Movie Review Archive - E
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Eight Legged Freaks (PG13)
Giant spiders terrorize an Arizona town in the campy Eight Legged Freaks. This B-movie is just plain fun. Freaks is the type of picture that our parents used to go see in the 50's and 60's. Fill the cooler, load up the car and go see this at a drive-in. 99 minutes.
8 Mile (R)
At get togethers in Ireland, everyone has a "party piece". A "party piece" is a song that they can sing, an instrument that they can play, a poem, a dance, a joke or presumably, a stupid human trick. In 8 Mile, it would seem that everyone has a rap. Just as it is on The Emerald Isle, this is a way that people in 8 Mile's Detroit ghetto can express and entertain themselves. If they are good enough, maybe they can become famous and make a lot of money. Bunny Rabbit (M&M) is White, poor and comes from a broken home. But he, just like his mostly Black friends and enemies, dreams of getting a record deal. Throughout most of the film, Rabbit is encouraged to perform but he refuses. This builds to a climax during which he finally gets to strut his stuff. And oh, what a finish. Rabbit (Hip-hop. Get it?) mounts the stage sporting a nifty blue ski cap, a very fashionable hooded sweatshirt and light grey sweatpants. He then begins to recite "street poetry" into a wireless microphone while wildly gesticulating with his free hand. As if that weren't enough, a gentleman (who I think is some sort of disc jockey) standing almost directly behind him, manipulates a small mixer and a couple of turntables. The pre-recorded electronic music (predominantly thumping bass and kick drum) sends the already rabid crowd into a frenzy. Not since Beatlemania have I witnessed such a hullabaloo. 8 Mile the movie is everything that rap the music is: loud, violent, misogynistic, unoriginal, crude, vulgar, completely lacking in subtlety, exciting, primitive, base and ultimately embarrassing. Several times during the screening, I was tempted to plunge white hot knitting needles into my eyeballs, tar my earholes shut and chew tin foil. If a traveler from another planet were to sit hovering in the distance and pick this up via satellite or whatever, they would definitely keep going and warn others to stay away. If this is what pop culture in America has become, I would beg them to take me with them. "Hey, Mr. Spaceman. Won't you please take me along....." Also starring Kim Bassinger, Brittany Murphy and Mekhi Phifer. 118 minutes.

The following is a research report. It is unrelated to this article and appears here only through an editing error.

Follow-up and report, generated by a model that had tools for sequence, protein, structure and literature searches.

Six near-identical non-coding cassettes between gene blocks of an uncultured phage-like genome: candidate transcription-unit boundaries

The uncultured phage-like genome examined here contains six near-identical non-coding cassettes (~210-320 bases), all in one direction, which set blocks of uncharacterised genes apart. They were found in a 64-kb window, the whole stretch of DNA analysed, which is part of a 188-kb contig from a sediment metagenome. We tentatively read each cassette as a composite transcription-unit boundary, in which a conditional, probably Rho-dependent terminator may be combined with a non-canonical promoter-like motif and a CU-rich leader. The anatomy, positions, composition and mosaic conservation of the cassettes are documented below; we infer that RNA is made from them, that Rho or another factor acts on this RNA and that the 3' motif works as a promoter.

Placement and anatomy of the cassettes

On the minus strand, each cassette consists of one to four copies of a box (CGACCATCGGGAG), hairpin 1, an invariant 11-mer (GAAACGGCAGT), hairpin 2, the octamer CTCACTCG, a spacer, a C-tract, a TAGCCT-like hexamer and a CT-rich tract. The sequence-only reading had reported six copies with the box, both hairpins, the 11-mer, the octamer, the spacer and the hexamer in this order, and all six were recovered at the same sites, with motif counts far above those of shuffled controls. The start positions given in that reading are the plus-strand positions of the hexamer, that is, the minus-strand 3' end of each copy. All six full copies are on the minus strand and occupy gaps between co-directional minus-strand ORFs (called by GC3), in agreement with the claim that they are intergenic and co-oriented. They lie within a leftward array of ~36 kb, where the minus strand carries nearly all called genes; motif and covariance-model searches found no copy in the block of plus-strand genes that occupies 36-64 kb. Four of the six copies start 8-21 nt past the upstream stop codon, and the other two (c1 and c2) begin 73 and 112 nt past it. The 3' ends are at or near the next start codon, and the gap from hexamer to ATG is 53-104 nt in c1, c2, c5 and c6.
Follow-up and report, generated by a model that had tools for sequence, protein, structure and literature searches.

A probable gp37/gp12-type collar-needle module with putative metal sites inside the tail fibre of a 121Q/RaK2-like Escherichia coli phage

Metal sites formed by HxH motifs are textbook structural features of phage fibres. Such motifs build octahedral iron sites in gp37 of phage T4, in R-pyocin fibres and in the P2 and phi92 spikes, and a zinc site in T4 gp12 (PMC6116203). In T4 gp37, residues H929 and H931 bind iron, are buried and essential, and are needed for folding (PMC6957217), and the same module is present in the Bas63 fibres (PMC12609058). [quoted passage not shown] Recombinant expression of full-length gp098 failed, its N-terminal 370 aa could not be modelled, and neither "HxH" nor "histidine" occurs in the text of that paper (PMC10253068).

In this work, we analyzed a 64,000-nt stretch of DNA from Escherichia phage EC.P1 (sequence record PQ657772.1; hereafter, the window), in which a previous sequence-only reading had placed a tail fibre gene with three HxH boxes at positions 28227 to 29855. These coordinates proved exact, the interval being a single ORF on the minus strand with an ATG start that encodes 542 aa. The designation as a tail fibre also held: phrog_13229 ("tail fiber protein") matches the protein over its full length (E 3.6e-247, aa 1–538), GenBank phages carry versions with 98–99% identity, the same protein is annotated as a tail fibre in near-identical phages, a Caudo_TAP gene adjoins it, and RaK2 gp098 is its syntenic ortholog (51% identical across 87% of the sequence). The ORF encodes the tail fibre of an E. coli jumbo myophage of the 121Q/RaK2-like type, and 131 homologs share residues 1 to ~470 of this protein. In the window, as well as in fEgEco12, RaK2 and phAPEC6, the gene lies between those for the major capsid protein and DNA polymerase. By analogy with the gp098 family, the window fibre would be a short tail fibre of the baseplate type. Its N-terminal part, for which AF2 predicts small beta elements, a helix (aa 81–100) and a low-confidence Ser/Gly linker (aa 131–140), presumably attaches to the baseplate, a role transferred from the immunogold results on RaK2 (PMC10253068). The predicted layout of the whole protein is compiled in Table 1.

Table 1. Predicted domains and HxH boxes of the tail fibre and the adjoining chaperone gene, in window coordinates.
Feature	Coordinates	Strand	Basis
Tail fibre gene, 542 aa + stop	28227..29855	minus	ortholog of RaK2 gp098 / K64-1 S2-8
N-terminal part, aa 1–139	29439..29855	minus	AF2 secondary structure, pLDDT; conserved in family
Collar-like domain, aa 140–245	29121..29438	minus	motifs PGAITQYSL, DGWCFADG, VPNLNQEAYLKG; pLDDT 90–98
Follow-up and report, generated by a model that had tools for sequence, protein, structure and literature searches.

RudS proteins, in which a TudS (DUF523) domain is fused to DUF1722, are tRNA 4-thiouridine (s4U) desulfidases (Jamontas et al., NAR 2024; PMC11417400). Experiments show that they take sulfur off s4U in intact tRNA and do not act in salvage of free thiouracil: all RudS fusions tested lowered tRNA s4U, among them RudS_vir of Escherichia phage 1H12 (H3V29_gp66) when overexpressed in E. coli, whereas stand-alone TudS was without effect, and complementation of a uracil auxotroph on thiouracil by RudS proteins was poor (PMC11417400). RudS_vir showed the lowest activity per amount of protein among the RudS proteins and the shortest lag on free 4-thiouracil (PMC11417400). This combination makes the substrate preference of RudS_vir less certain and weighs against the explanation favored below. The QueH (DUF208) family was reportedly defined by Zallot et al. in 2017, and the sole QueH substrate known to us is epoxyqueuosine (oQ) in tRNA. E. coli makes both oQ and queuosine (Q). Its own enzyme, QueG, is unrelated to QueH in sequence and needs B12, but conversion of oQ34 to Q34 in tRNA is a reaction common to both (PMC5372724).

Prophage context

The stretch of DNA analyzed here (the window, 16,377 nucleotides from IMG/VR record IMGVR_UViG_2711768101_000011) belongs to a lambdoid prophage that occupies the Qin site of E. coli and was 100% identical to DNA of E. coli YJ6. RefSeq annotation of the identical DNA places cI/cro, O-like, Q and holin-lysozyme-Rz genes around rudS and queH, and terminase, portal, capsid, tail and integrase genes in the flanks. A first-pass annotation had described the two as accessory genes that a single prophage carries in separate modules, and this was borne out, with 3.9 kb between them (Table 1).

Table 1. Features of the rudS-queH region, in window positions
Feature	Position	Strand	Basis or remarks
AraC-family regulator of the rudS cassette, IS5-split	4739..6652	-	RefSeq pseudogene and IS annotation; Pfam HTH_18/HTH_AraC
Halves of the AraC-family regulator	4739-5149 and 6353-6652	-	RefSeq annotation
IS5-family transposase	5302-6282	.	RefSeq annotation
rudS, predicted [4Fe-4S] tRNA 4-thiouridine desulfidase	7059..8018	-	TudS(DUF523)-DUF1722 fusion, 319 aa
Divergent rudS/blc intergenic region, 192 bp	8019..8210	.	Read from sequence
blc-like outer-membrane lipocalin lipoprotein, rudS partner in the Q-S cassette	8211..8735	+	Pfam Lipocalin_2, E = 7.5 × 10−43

Drew (Orlando Bloom), a depressed young man who has just been fired from his job meets Claire (Kirsten Dunst), a perky and relentlessly optimistic flight attendant. Drew is flying to Kentucky to bury his father. They meet cute, part cute and keep meeting again cute. Claire is able to show Drew that the USA can be a wonderful place and that life is worth living. Is Kirsten Dunst trying to be the new Meg Ryan or what? Also starring Sir Alec Baldwin and Susan Saranwrap. 123 minutes.
After an attempt on his life by a rival and news of his girlfriend's pregnancy, a successful Bronx drug dealer (John Leguizamo) decides to try to go legit. He hooks up with a Wall Street investment banker who is willing to take his pile of cash and turn it into real wealth. Too macho. Too predictable. Too many guns pointed sideways and too much gratuitous language. Empire was a nice idea that doesn't really work. Also starring Isabella Rosselini, Peter Sarsgaard (Isn't that a device that male porn-stars are required to wear while performing their own stunts?) and Denise Richards. 90 minutes.
End Of The Century: The Story Of The Ramones (Unrated)